NEWS ANALYSIS: “This is the most important summit meeting of the alliance for a long time,” Norwegian Defense Minister Ine Eriksen Søreide declared as the NATO summit got underway in Wales on Thursday. She was referring to what her ministry calls “Russia’s ongoing aggression against Ukraine,” and since Norway never joined the European Union (EU), its membership in NATO has become more important than ever on European political issues.
Norway was intent on making its voice heard at the summit, with its prime minister, foreign minister, defense minister and their top aides all in attendance, along with the presence of top military brass and a modern Norwegian naval corvette in Cardiff’s harbour. The idea, Søreide’s ministry admitted, was to illustrate that Norway is a country that prides itself on high quality.
Norway has also been among the relatively few European members of NATO to increase its military budgets in recent years, something the US is demanding other European nations to do so as well. While Norway has the economic muscle pumped up by its oil revenues to spend more on defense, other European nations have been hard-pressed economically to boost defense spending. Faced with a new looming threat from a super power that most countries thought had become friends with the rest of the civilized world, European governments are realizing that they’re once again going to have to make defense spending a priority.
Foreign Minister Børge Brende, among the top Norwegian government officials attending the NATO summit, wrote last summer that the crisis in Ukraine has confirmed NATO’s importance for countries with “common values” and as an anchor for security policy. At a time when many think power in Europe has shifted from NATO to the EU, NATO still gives Norway an outlet and channel that it doesn’t have at the EU.
Norway’s larger defense budgets and its recently streamlined, “professional” military should give it a gold star at NATO, and on Thursday, Norway also announced it would lead a NATO support fund for Ukraine. Norway announced earlier this week that it would be sending emergency humanitarian aid to Ukraine and now Prime Minister Erna Solberg has agreed that Norway will lead and contribute financially to NATO’s efforts to re-train military personnel in Ukraine. The fund will also be used to strengthen the Ukrainian military’s competence within logistics, command and control, communications and cyber defense.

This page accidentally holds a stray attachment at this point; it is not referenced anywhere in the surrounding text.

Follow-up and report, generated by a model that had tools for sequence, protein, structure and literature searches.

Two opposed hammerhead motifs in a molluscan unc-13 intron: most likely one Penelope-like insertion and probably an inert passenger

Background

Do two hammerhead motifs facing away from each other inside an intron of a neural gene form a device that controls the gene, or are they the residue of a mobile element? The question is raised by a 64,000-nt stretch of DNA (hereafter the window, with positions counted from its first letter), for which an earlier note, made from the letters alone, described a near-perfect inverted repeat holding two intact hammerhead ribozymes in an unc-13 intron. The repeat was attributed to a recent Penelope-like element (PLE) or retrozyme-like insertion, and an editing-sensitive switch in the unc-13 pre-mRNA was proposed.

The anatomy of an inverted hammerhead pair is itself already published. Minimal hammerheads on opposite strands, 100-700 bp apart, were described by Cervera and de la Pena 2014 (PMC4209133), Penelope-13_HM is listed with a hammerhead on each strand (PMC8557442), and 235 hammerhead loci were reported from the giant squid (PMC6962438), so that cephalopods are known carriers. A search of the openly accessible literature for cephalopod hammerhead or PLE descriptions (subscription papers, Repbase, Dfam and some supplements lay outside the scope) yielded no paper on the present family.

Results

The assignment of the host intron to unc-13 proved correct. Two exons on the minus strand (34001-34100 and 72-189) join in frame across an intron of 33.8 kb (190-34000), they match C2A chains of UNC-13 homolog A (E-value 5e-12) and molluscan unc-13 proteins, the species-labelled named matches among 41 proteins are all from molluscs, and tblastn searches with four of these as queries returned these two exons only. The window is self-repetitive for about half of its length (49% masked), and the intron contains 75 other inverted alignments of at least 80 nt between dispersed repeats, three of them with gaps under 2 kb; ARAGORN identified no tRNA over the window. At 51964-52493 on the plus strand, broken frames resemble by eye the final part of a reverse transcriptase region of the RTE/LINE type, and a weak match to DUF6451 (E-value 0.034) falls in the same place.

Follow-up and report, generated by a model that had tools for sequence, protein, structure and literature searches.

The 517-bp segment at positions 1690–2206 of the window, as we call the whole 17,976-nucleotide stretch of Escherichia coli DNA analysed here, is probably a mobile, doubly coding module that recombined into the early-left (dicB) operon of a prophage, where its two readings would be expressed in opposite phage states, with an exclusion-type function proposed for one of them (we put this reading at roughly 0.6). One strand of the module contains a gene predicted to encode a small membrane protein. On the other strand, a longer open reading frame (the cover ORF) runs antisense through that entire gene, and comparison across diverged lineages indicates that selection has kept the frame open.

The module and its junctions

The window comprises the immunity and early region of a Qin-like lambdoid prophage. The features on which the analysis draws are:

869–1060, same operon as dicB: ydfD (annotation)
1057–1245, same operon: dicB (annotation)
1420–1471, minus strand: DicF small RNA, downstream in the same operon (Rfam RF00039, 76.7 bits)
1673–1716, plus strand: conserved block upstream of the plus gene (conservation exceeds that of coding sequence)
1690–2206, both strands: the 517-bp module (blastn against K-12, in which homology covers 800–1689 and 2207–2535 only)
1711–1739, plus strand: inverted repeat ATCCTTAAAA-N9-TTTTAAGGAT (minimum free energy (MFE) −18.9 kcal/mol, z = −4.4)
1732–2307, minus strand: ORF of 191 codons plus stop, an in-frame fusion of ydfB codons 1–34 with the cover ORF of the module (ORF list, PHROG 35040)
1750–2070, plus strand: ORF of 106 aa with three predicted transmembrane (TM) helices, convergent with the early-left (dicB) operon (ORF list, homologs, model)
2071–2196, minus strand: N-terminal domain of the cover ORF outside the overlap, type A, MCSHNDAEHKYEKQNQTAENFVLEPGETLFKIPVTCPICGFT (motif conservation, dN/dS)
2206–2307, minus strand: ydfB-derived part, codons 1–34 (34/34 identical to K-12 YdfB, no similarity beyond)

After NATO operations extended far beyond Europe’s borders in recent years, Norway is also among those members who think it needs to concentrate more on its own region, something the Ukrainian situation is forcing it to do. NATO’s 28 member countries are currently split, though, over how to respond to Russian aggression. That’s where Norway’s Jens Stoltenberg, NATO’s incoming secretary general known for his skills at seeking consensus, may help draw the alliance together, even though answers will be needed at this summit before Stoltenberg takes over October 1. Options include tougher sanctions, freezing Russia out of the international organizations it has joined since the Berlin Wall fell, and a strengthening of NATO forces in eastern Europe, not least the Baltics. Norway also confirmed on Thursday that it will send 150 soldiers and equipment to take part in looming NATO exercises in Latvia.
There was some good news for NATO members this week. Despite Russia’s military build-up in recent years, NATO remains well ahead of Russia in total defense investment, according to the international peace research institute in Stockholm (SIPRI). The goal is for all NATO member states to devote at least 2 percent of their gross national product to defense. The US is clearly growing weary of providing two-thirds of NATO’s funding and wants European nations to provide more.
Norway has, and is also hosting a major NATO Response Force military exercise this month with 6,500 soldiers from several NATO countries participating. “Collective defense and improved ability to respond quickly to crises is critical,” defense minister Søreide said. “This is in line with long-term Norwegian priorities. Norway has for many years urged NATO to concentrate to a higher degree on our own area.”
The serious conflicts in North Africa and the Middle East can’t be ignored, but analysts were expecting the NATO summit to end with a stronger emphasis on Europe. “Defending the alliance’s member countries remains NATO’s most important duty,” Søreide said. As a wealthy member of NATO that shares a border with Russia and is relied on to patrol the northern Arctic areas, Søreide stands a good chance of being heard, and can only hope NATO’s importance as a political arena doesn’t lose more ground to the EU.